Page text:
“Head-Up, Eyes Open” – Two Things I Learned While Carrying 40 LBS for 26.2 Miles

Life is full of ups-and-downs. On a macro-level, markets and public health are healthy until they are not. On a micro-level, people have good days and months and then they do not. During the eight months that I have been on this journey as a freelance writer and EMT, I’ve experienced ups and downs, highs and lows. It’s all part of the journey. When the lows come around, my medicine is to take on a physical challenge to affirm my ability to overcome pain. Last fall, I registered for the Bataan Memorial Death March in Las Cruces, NM. The prospect of carrying a 35-pound rucksack across 26.2 miles of the New Mexico desert appealed to me as a test of endurance, spirit, and its significance to my family. I trained, booked flights, a car and hotel, and then…the Corona Virus mucked it all up, forcing a cancellation of a nine thousand strong annual event.

The Palos Verdes Peninsula.

I did not want my training effort to go to waste. This event meant more to me than any regatta, marathon or triathlon I had competed in to-date. It required me to dig deeper.  With resolve, I plotted my own 26.2-mile course using the Palos Verdes Peninsula as my path. After all, I didn’t need permission to hike down a stretch of coastal highway. Plus, there were enough rolling hills to provide the challenge of a desert. I asked my cousin and brethren in arms, Adam to be my teammate. Adam, who is in his last year of college and in Army ROTC, had also registered for the Bataan March.

Sunday, 6:30 AM.

To replicate the experience of the march, Adam and I adhered to the rules of the event. We started the march at 6:30 AM on Sunday, March 15th and made sure our packs had at least 35 pounds. Knowing we would be limited in our access to food, medical supplies, and hydration, Adam and I each packed close to 40 pounds of gear:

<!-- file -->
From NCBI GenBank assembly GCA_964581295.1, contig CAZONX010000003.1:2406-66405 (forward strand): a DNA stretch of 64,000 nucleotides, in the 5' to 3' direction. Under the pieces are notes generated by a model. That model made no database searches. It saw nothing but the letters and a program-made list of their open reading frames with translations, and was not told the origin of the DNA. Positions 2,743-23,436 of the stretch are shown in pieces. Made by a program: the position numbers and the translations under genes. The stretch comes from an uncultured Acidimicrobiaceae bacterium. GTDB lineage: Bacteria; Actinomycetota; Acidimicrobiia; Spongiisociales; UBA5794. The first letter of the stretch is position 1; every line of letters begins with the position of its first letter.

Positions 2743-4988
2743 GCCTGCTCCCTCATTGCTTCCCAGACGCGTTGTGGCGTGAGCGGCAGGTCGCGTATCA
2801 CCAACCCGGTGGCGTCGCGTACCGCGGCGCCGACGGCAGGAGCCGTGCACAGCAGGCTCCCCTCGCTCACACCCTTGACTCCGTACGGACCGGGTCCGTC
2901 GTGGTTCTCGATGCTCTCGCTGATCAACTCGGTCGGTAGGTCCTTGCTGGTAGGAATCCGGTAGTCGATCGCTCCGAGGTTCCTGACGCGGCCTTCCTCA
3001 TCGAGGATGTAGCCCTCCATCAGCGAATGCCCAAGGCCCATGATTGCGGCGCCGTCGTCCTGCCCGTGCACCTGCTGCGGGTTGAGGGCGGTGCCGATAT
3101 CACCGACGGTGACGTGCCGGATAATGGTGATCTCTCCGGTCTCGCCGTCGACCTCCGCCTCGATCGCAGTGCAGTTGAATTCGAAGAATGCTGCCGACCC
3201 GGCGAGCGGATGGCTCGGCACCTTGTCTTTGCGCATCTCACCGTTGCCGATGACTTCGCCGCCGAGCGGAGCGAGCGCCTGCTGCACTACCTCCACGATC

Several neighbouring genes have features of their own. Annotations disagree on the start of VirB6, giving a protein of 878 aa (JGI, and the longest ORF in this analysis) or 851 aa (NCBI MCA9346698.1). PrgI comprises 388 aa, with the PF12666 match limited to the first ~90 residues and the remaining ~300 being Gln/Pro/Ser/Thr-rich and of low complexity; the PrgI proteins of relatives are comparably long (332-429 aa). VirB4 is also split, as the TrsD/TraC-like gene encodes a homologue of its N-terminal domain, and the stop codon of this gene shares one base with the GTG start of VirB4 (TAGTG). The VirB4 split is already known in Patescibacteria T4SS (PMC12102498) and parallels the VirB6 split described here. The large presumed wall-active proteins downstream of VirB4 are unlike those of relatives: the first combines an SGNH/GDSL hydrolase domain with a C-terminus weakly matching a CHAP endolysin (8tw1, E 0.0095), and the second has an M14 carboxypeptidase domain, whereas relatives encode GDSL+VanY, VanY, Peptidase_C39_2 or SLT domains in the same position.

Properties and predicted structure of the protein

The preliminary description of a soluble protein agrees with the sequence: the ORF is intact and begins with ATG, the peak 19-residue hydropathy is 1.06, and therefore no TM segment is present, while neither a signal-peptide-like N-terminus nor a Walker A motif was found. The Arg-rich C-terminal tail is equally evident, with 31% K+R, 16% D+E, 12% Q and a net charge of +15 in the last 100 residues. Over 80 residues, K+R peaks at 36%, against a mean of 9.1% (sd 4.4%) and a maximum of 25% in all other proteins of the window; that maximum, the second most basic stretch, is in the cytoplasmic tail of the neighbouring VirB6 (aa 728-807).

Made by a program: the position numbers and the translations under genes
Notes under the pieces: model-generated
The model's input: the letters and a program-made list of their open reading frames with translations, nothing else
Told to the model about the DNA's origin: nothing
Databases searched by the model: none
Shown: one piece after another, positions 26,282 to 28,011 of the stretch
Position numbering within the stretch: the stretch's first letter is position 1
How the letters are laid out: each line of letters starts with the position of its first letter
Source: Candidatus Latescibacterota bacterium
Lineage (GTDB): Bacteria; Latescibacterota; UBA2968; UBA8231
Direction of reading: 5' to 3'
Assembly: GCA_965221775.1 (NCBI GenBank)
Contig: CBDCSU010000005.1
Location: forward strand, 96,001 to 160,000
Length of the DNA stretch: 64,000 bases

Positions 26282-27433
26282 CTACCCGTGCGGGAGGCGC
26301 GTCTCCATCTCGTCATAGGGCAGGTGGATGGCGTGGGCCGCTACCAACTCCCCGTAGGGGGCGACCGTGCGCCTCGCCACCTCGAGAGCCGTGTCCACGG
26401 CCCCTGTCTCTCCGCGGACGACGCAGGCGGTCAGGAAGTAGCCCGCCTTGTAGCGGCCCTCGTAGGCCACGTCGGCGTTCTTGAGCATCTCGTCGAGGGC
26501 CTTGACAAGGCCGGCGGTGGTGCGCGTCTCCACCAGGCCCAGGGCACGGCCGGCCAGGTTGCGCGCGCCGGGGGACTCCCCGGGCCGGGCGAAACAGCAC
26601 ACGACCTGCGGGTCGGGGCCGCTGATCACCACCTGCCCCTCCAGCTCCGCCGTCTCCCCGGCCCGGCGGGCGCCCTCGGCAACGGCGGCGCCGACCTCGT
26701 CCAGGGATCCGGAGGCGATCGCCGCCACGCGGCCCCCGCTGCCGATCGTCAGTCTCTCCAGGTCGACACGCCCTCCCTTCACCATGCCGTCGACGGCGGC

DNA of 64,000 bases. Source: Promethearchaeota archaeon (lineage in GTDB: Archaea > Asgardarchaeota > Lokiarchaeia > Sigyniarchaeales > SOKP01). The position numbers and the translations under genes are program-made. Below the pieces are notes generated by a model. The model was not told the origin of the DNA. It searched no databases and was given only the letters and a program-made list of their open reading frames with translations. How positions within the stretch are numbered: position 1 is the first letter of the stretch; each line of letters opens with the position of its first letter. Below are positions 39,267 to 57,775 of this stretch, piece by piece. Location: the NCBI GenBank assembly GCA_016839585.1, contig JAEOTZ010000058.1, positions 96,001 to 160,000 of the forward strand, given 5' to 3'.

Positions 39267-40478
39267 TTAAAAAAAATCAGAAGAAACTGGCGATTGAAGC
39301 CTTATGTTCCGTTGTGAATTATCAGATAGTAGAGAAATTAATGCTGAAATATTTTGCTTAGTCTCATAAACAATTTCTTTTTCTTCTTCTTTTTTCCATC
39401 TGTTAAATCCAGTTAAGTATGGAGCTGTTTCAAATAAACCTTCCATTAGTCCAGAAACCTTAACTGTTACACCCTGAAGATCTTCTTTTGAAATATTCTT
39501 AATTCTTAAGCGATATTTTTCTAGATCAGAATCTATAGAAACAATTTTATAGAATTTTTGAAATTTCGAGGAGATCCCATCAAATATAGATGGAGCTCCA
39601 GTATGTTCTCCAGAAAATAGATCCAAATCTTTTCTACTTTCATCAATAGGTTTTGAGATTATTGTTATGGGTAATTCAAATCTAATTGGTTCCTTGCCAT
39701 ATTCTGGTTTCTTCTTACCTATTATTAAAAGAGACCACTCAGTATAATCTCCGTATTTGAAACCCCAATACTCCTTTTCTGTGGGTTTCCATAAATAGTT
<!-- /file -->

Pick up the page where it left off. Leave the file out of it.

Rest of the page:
• Food
  • A camelback
  • Extra water and Gatorade
  • Rain jacket
  • A couple pairs of socks to change into to prevent blisters.
  • First Aid kit
  • A folded American flag 

Head-up, Eyes Open

One of my former colleagues, Nick, an Iraq War veteran and medic, told me after I signed up for the March:

“Rucking is utter fucking misery. There is no runner’s high. There’s no one to cheer you on. It’s you and your thoughts. The reward is only an affirmation that you can get through bullshit.”

Boy was he damn right for sure! I weigh between 165 and 170 without the rucksack. With that pack, I was carrying 200 pounds altogether. The same for Adam.

As I hiked, the weights were shifting in my ruck as my bladder began to drain. I found myself shrugging the pack up my trapezius muscles.  I felt the dull aches and pains in my neck throbbing. The ruck’s adjustable torso harness rubbed against my sweat-drenched shirt, which in-turn rubbed against the skin on my hips. As the harness moved up, down, and sideways I felt a stinging sensation of friction burns on my iliac crests. Towards the end, every step felt like the ground was driving a knife through my lower posterior. Questions were like silver pinballs bouncing around my head:

  • Why the hell am I doing this?
  • Where am I now?
  • What time is it?
  • Am I going to make this month’s bills on my EMT and writer’s salary?
  • I wonder what everyone else is doing today.
Taking a break for a smile.

Too many damn questions. I could feel hot spots forming on my toes with every step. Every foot felt like a mile but only a minute had passed. It took looking up from my boots and GPS to see otherwise. Scenic rolling hills, the vast Pacific Ocean, and of course my cousin/teammate right there with me. He was breathing heavy and grunting in pain like me. Neither of us had to suffer in silence, we were doing it together and putting in the mileage. All it took was keeping our heads-up and eyes open.